Kisac Fair Trade Soapstone

The Kisii soapstone is one of the most unique in the world. Strong, relatively easy to carve. When found it is a dull, dirty grey, however it can be transformed to the most striking of colours: from stark white, to marbled pinks, to yellows, creams and jet-black when it is being used to make something. Mining the stone of the Kisii hills in Kenya is all done by hand with hammers, picks and chisels. At the moment soapstone can only be found in mainly east Africa and India.

The stones are made into the approximate shapes with machetes, axes and handsaws. The stones are then carried by manpower out of the mines. Carving is also done entirely by hand, and the tools are often improvised and locally made from recycled metal.

Kisii Soapstone in Kenya

Most men around the village of Tabaka, where the main soapstone production happens, know how to carve. Learning happens informally in families as boys watch their fathers carve. Sanding is called washing, because it is done in water. Mostly the job of women, it is labour intensive as each piece can be sanded up to 6 times. Depending on the design, a piece can be left “natural”, exhibiting the colours of the stone itself, or it can be decorated. Colour is applied to a piece, and detailed highlights in white are then etched into the applied colour. Polishing is finally applied to the finished piece.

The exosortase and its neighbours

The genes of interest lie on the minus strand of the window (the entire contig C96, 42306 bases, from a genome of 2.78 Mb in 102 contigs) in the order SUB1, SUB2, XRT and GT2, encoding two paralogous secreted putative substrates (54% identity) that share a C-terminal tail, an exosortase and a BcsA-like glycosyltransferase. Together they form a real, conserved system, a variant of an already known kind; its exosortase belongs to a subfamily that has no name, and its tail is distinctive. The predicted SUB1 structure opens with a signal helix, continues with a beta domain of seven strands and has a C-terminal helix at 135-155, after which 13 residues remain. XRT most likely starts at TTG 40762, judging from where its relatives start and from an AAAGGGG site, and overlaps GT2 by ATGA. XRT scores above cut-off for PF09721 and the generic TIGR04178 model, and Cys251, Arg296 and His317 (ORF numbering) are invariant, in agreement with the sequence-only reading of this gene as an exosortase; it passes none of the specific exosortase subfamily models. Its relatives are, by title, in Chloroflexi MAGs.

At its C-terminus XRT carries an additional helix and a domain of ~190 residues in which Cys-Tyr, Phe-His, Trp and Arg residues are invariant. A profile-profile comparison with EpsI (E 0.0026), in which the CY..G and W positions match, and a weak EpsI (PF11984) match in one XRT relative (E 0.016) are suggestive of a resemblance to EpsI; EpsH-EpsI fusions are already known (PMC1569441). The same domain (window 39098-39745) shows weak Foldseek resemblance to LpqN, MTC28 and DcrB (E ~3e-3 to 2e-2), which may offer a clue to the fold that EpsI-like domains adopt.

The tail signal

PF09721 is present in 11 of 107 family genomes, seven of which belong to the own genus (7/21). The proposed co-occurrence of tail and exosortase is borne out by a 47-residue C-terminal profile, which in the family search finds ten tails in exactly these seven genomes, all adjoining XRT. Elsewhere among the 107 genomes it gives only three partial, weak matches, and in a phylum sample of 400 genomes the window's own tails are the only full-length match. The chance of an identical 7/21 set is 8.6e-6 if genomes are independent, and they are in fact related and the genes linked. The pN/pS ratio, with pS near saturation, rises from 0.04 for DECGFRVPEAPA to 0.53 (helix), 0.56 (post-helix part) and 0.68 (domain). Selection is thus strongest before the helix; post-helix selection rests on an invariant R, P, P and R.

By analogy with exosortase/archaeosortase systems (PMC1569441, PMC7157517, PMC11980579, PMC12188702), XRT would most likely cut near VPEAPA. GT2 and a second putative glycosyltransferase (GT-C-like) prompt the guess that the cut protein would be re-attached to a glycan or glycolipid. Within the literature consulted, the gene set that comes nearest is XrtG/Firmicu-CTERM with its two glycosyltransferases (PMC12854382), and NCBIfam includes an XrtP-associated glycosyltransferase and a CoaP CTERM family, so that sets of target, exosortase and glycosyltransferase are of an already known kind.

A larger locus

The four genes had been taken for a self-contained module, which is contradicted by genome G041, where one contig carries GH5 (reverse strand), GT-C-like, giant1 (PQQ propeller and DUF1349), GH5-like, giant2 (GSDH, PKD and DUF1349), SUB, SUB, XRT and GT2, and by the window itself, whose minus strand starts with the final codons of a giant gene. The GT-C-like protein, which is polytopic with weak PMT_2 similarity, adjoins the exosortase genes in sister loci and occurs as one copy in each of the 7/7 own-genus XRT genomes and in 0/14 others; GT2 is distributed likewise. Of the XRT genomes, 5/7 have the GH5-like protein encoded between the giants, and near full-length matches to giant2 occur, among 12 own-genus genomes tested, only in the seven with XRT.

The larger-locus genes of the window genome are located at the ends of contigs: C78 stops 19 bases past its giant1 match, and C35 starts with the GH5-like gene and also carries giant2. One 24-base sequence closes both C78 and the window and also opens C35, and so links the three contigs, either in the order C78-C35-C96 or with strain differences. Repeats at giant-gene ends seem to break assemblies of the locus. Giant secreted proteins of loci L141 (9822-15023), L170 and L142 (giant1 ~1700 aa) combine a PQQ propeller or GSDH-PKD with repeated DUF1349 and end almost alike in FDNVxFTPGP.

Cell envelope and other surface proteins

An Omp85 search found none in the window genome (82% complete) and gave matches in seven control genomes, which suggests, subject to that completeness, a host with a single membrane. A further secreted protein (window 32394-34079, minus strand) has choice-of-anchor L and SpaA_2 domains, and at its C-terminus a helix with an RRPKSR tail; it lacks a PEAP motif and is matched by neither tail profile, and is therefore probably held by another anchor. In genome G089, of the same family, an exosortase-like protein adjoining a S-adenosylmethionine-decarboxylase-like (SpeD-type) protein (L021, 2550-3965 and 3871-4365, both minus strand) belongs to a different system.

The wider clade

Bowl handmade from Soapstone

Kisac are members of several Fair Trade Networks including World Fair Trade Organization (WFTO), Cooperation for Alternative Trade in Africa (Cofta) and the Kenyan Federation for Alternative Trade (Kefat) and adhere to all ten principles of Fair Trade as set by the WFTO.

Because of the quality of the stone, and the attention to sanding, the final product has a unique and intense shine. With many fun and artistic designs:

2 Lovers Statue made from SoapstoneHippo Model made from Soapstone

2 lovers statue made from soapstone.  Hippo Model made from soapstone.